The Army has received final proposals from its small business cohort program to find innovative ideas to increase the rate of fire for its future Extended Range Cannon Artillery (ERCA) system, with plans to select five concepts to move forward in the coming weeks.

Brig. Gen. John Rafferty, director of the Long Range Precision Fires Cross Functional Team, said the concepts out of the Fire Faster Cohort will help inform the Army’s decision later this year on a path forward for the ERCA autoloader capability.

Extended Range Cannon Artillery. Photo: U.S. Army

“What we saw were incredibly promising technologies that may, in some ways, compliment the autoloader, that may give us an alternative to the government designed autoloader, but either way, give us really good options to make a really hard decision later this year, going into next year,” Rafferty said during a Foundation for Defense of Democracies discussion last week. “I think I’d like to say, we’ve put a chalk mark on the calendar of when we want to make this decision. And we think we’ll be in a position probably at the end of this year where we’ll be able to make the right decision for increasing the rate of fire in the extended range cannon artillery platform.”

The 18-week Fire Faster Cohort, Army Applications Lab-led Special Program Awards for Required Technology Needs included 15 companies in the robotics and autonomy space that offered ideas for “alternative ways to help improve the [ERCA] rate of fire.”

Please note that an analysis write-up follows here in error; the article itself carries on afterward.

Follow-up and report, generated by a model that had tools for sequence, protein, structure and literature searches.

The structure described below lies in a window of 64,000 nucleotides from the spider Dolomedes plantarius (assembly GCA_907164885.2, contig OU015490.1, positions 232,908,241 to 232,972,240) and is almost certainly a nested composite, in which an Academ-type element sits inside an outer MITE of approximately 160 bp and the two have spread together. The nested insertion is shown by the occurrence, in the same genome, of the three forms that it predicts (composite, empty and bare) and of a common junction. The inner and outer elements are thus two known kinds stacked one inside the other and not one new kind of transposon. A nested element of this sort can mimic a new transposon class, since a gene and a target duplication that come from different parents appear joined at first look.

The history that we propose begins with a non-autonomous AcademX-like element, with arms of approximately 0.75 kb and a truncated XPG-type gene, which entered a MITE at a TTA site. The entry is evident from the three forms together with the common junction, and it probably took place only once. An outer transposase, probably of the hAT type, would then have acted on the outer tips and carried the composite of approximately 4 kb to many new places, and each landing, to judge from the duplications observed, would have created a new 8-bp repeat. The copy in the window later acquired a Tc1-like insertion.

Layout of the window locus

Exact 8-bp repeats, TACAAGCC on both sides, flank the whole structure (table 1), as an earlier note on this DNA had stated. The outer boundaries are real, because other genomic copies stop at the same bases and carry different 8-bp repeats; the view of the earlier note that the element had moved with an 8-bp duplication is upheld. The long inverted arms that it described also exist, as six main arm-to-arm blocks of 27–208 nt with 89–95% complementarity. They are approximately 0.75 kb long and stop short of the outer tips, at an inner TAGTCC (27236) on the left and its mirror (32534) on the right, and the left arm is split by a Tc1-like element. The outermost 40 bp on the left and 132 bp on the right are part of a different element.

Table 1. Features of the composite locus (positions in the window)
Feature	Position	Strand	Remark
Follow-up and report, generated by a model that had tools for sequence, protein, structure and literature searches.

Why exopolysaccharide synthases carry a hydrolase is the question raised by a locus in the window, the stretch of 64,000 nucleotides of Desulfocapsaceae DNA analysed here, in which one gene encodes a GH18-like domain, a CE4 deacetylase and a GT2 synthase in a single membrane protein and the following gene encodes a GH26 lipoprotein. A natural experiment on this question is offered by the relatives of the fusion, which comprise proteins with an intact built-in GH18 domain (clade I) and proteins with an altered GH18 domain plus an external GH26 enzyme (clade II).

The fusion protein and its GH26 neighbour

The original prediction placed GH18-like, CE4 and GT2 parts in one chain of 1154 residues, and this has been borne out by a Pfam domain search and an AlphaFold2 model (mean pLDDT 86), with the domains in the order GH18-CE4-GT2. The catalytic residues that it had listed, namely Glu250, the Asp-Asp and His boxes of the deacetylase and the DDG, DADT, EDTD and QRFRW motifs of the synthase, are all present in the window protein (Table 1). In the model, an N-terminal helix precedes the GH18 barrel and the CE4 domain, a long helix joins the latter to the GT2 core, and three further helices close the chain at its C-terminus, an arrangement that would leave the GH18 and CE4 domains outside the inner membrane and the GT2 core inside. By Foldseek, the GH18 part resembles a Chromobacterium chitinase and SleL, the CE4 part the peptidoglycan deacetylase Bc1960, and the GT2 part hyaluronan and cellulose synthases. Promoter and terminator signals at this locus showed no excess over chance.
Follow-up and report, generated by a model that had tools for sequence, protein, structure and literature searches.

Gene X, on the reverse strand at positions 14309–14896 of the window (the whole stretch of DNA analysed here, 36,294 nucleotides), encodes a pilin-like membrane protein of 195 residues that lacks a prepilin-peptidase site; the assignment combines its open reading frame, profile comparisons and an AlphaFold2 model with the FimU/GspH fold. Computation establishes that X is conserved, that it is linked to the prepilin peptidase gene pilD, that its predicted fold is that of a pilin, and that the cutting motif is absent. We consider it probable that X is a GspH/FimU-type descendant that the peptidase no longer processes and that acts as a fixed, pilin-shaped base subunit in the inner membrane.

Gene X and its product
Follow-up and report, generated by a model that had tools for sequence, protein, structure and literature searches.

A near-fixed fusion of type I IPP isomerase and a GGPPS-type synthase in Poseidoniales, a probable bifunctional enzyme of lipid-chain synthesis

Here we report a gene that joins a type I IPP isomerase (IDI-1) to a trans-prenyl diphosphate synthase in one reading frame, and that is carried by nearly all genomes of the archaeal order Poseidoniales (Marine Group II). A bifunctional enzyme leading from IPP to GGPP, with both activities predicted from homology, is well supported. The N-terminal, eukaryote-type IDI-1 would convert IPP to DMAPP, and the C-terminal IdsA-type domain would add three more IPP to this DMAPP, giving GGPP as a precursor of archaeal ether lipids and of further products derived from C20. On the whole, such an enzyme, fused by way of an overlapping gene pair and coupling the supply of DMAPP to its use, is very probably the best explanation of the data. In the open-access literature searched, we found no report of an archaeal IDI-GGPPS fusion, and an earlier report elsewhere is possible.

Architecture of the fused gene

“We’ve got time to get the rate of fire right. And what we learned from our first experience with the Army Applications Lab in this community of innovators was that we don’t have all the good ideas, and if we can break down barriers to small business to doing business with the government, maybe we can crack into this community who – their livelihood is solving hard problems, and we’ve got a lot of those,” Rafferty said.

The five companies with successful proposals will continue to refine their concepts which could support the government-designed ERCA autoloaders which is set to be demonstrated this summer (Defense Daily, Jan. 27). 

Brian Beyer, executive vice president of Carnegie Robotics, one of the 15 companies that participated in the cohort, said this week the program offered the company an easier path to working the Army as a potential customer.

“Fire Faster has allowed us to take commercial technology and bring it back to the Army. In the past, a lot of dual-use defense and commercial businesses have used DoD funding as non-dilutive capital for intellectual property development. In this case, we’re able to bring technology back to DoD from commercial areas where the DoD is no longer at the edge of innovation,” Beyer said during the virtual AUSA Global Force Next conference. 

ERCA, which involves putting a 58-caliber, 30-foot gun tube on BAE Systems’ M109A7 self-propelled howitzer chassis, is designed to hit targets out to 70 kilometers and the ability to fire six to 10 rounds per minute, with plans for initial fielding in 2023.